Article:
Do 'diet foods' make you fatter?
The benefits of low-fat processed foods have been questioned, as many replace the fat with added sugar or sweeteners. Not all calories are thought of as the same any more, with experts identifying that fat and protein have advantages over refined carbohydrates in making you feel satiated and full for longer.
The 'low-fat' trap
Studies show that we eat more when something is described as ‘low-fat’. In one study people ate as many as 28 percent more low-fat sugar-coated chocolates than normal ones. It also found that people underestimate the number of calories they consume when eating low-fat food.
Know that guilty feeling when you’ve eaten a lot of something high-calorie, high-sugar and/or high-fat? You’re not alone. But when you eat too much of a food labelled ‘low-fat’, studies show you feel less guilty, especially if you’re overweight already. Labelling snacks as 'low-fat' seems to mean people increase the serving size regardless of whether the snack is healthy or unhealthy.
A food labelled ‘low-fat’, in which the fat has been replaced with sugar, may not be as low in calorie density as you'd expect. Meringues, for example, are no-fat but very high in sugar. A diet high in ‘good’ fat is likely to be better for you than a low-fat diet that is high in sugar.
Can you consume sweeteners?
Whether it’s diet soda, saccharin instead of sugar in tea, a sugar-free dessert or sweet, or even a ready-meal, artificial sweeteners have been fully adopted into modern diets.
But what if the very things thought to help us eat less sugar and stay slimmer are actually making us fatter? Studies suggest that if you consume something sweet you appetite increases, whether the food or drink is artificially sweetened or not. This is because sweeteners activate the brain's 'sugar reward' pathways, giving you a 'sweet tooth' that can cause you to snack more. When you consume something naturally sweet you have an initial metabolic response to the sugar, but studies show that the initial neuro-physical response to artificial sweeteners is not the same.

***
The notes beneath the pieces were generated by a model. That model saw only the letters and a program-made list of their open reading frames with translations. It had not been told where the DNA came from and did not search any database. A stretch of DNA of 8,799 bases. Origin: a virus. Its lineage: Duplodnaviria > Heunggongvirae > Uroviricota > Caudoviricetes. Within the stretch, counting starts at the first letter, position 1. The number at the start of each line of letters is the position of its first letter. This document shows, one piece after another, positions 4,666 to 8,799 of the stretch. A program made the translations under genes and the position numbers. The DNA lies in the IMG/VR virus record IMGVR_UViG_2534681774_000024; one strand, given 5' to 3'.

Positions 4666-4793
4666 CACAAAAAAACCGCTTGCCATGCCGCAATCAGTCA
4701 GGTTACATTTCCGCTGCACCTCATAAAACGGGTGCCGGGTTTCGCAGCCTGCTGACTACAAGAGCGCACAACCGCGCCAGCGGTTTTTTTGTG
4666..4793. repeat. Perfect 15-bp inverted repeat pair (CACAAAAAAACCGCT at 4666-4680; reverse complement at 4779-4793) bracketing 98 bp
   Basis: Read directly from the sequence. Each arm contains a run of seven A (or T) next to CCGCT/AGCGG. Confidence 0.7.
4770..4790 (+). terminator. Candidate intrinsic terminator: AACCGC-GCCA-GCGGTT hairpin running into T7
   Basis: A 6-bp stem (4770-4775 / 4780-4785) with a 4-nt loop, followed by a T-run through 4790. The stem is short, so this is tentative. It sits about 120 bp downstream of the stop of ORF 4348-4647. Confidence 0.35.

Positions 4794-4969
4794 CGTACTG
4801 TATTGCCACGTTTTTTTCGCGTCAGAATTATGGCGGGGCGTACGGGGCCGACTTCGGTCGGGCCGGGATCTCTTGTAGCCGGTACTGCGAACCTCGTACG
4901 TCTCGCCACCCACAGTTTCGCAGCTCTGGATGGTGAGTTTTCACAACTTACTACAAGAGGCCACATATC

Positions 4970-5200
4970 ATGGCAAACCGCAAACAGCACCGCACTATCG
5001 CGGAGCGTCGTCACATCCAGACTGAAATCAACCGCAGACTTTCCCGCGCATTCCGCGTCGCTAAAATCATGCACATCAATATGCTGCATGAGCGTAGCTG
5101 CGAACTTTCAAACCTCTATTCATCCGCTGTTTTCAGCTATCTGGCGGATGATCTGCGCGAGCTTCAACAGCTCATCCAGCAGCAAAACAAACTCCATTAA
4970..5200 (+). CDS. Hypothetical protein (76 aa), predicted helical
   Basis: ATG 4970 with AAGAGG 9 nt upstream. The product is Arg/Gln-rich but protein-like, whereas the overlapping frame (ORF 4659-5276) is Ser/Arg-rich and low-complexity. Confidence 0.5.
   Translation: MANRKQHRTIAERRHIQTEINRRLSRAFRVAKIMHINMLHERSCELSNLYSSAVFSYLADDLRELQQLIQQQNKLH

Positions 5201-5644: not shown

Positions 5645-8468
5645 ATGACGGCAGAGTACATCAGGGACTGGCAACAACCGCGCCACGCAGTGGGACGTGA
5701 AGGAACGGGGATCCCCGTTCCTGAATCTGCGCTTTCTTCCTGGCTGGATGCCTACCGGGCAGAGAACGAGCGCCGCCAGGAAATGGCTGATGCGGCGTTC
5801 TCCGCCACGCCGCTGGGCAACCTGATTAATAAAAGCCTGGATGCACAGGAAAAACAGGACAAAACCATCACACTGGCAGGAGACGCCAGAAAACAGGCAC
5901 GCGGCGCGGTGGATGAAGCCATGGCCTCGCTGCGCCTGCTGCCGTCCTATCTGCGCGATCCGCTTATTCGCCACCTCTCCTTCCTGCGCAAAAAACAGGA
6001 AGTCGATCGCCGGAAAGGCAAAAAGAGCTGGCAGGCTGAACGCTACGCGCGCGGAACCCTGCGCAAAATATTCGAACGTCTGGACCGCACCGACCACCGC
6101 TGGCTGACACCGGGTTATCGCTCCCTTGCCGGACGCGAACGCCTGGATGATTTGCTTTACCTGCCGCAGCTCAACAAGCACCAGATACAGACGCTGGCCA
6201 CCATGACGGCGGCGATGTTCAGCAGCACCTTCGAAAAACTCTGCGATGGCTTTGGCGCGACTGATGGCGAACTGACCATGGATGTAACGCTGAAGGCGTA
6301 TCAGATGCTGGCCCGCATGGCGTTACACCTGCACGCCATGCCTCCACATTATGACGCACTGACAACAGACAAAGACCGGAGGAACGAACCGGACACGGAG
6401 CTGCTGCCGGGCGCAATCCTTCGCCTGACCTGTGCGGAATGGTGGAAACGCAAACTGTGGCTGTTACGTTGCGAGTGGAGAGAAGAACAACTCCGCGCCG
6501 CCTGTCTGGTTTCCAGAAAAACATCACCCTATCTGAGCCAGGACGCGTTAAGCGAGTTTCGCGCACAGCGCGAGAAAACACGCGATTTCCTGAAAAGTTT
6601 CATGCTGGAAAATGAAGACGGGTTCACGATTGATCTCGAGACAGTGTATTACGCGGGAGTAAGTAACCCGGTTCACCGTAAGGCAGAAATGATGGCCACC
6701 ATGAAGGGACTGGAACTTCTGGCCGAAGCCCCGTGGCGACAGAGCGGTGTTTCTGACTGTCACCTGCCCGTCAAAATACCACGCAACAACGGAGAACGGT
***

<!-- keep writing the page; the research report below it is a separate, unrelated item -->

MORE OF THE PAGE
Some artificial sweeteners also trigger insulin, which sends your body into fat storage mode and leads to weight gain.
Snacks that you perceive to be low fat or healthy are often not as good for you as they seem.
- Rice snacks: they may seem healthier than crisps, but some can be high in salt.
- Yoghurt raisins: while you would expect these to be sweet, a 25g portion can contain as much as 5g of fat, compared to the trace amounts of fat found in uncoated raisins.
- Low-fat yoghurt: they may have less fat and fewer calories, but they can contain as much as 10g more sugar than a plain natural yoghurt.
The key to a healthy diet
Focusing too heavily on the sugar, salt, fat and calories in food can be counterproductive when it comes to healthiness. Tips for a healthy diet include:
- Cook it yourself: cooking your own meals and snacks means that you can control how much salt, sugar and fat you put in.
- Don't focus on a single macro-nutrient: some snacks may be high in fat, but don’t rule them out. A handful of almonds, for example, contains around 7g fat, but you will also benefit from their high protein and fibre content.
- Avoid empty calories: while some foods have a high nutritional value, others are essentially 'empty calories', which means your body gets very little from them nutritionally. These include sugary soft drinks and confectionery.